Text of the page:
Amanda & Merrill: These pancakes almost didn't get photographed because we began eating them, dabbed with Greek yogurt, as they emerged from the frying pan. A little grated potato binds the cakes and gives them the crispness of latkes, while the zucchini is fresh and lively, perfumed with lemon zest and parsley. Dagny said to squeeze out any extra moisture from the potatoes and zucchini with a towel, and you should definitely take this extra step. The pancakes will be crisper and lighter, and you, too, will devour them straight from the pan.
3 medium zucchini, trimmed
1 medium white potato, peeled
1 large egg
1 tablespoon chopped parsley
1 teaspoon grated lemon zest
Freshly ground black pepper
Pinch of bread crumbs
1 tablespoon unsalted butter, plus more as needed
2 tablespoons sour cream or Greek-style yogurt (optional)
Grate the zucchini and potato using the largest hole on your grater. You'll need 2 cups grated zucchini and 1 ⁄2 cup grated potato. Salt generously and let stand in a colander for at least 30 minutes to drain. The finished pancakes will hold together better if you drain out as much moisture as possible.
In a bowl, beat the egg, parsley, and lemon zest. Add a pinch of salt and pepper to taste.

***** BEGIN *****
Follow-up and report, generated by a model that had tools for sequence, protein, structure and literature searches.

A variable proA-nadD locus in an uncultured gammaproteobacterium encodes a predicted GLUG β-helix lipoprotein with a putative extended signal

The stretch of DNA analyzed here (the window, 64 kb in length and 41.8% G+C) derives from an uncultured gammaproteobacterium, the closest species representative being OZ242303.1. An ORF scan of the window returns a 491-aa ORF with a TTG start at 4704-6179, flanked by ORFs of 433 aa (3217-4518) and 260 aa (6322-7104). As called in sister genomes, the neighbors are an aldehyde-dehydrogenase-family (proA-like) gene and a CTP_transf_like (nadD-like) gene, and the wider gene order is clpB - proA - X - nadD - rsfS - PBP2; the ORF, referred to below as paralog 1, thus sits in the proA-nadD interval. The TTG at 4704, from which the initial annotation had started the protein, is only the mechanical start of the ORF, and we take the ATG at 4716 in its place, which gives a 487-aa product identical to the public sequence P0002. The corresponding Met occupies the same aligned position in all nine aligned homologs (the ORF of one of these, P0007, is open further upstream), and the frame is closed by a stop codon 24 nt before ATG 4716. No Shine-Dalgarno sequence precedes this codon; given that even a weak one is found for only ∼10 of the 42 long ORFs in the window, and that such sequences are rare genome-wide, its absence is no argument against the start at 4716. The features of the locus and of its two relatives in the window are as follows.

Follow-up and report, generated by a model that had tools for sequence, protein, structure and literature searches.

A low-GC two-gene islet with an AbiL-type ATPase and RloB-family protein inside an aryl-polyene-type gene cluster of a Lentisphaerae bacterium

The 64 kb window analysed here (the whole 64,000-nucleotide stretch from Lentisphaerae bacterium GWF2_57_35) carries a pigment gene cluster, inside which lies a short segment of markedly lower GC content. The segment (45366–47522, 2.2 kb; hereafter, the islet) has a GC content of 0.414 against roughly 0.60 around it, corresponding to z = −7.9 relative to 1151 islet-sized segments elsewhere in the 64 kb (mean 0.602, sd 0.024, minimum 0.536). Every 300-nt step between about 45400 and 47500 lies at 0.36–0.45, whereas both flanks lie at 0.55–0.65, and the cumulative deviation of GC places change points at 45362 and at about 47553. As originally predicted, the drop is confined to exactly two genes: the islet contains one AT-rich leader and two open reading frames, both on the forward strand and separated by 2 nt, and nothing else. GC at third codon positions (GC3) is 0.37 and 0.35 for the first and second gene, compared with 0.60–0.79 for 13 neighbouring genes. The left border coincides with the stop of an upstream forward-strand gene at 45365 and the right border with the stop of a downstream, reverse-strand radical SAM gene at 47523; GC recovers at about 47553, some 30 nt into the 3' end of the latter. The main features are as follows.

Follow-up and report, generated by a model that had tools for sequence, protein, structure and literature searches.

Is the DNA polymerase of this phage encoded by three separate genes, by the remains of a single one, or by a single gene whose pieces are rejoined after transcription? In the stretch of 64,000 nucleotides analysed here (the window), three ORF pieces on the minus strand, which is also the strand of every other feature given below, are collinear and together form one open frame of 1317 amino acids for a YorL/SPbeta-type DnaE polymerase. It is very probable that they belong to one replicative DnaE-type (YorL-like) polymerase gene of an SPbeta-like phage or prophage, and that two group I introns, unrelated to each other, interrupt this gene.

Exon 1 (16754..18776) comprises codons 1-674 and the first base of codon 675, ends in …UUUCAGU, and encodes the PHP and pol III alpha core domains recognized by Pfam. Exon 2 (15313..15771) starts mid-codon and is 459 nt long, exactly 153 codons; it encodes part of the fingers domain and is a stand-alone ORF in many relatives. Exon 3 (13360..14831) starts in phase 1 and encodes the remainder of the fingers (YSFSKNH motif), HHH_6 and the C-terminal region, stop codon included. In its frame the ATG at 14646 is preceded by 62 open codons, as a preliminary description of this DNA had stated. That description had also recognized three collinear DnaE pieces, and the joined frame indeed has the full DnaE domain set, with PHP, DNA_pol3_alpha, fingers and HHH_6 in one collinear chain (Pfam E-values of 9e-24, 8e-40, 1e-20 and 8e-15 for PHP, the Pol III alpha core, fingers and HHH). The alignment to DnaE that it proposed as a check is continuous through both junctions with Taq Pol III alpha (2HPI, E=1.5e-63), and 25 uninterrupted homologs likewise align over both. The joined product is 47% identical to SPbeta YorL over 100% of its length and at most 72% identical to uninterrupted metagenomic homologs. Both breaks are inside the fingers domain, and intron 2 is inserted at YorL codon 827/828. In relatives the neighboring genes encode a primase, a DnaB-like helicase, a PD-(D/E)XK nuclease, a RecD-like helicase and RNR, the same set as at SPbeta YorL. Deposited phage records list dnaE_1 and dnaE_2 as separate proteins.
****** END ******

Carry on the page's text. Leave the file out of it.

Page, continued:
Roll and squeeze the zucchini-potato mixture in a towel to soak up moisture. Add a pinch of bread crumbs to soak up any leftover wetness.
Combine the zucchini-potato mixture with the egg mixture. Stir well to coat.
Heat the oven to 200F and place a cookie sheet lined with aluminum foil in the oven to keep your pancakes warm as you make them.
Heat a large skillet over medium-high heat. Melt the butter. You can use olive oil if you prefer, but butter is delicious. When the foam subsides, drop tablespoonfuls of your pancake mixture in the pan. You don't really need to form the pancakes in advance, but pat them with a spatula (or spread them with a fork) and try to flatten them out as much as possible — they'll be crispier that way.
Cook the pancakes until golden brown on each side, then place in the oven to keep warm while you make additional pancakes. Serve as soon as possible, and, if you like, with a dollop of sour cream or drained Greek-style yogurt on top for extra richness.
Tips and Techniques
If the batter seems too dry, you can add an extra egg to help it come together.
About the Cook
Dagny Prieto is a Brooklyn, New York–based user-experience designer. Here's her website: www.dagnyprieto.com. Her most treasured kitchen possession: "My Le Creuset braising pot."
What the Community Said
Camelotcook: "All I can say is wow! These bring back memories of what my mother used to make for me, and I will now make these for my grandson."
Behind the Scenes
This was the first time we didn't cook together for our photo shoot. Amanda, out in Wainscott, Long Island, with her family, went it alone, and Sarah's photos came out distinctly different because of the new beach house setting — which, in our opinion, was very cool.
From The Food52 Cookbook by Amanda Hesser and Merrill Stubbs. Copyright 2011 by Amanda Hesser and Merrill Stubbs. Reprinted by permission of William Morrow Cookbooks.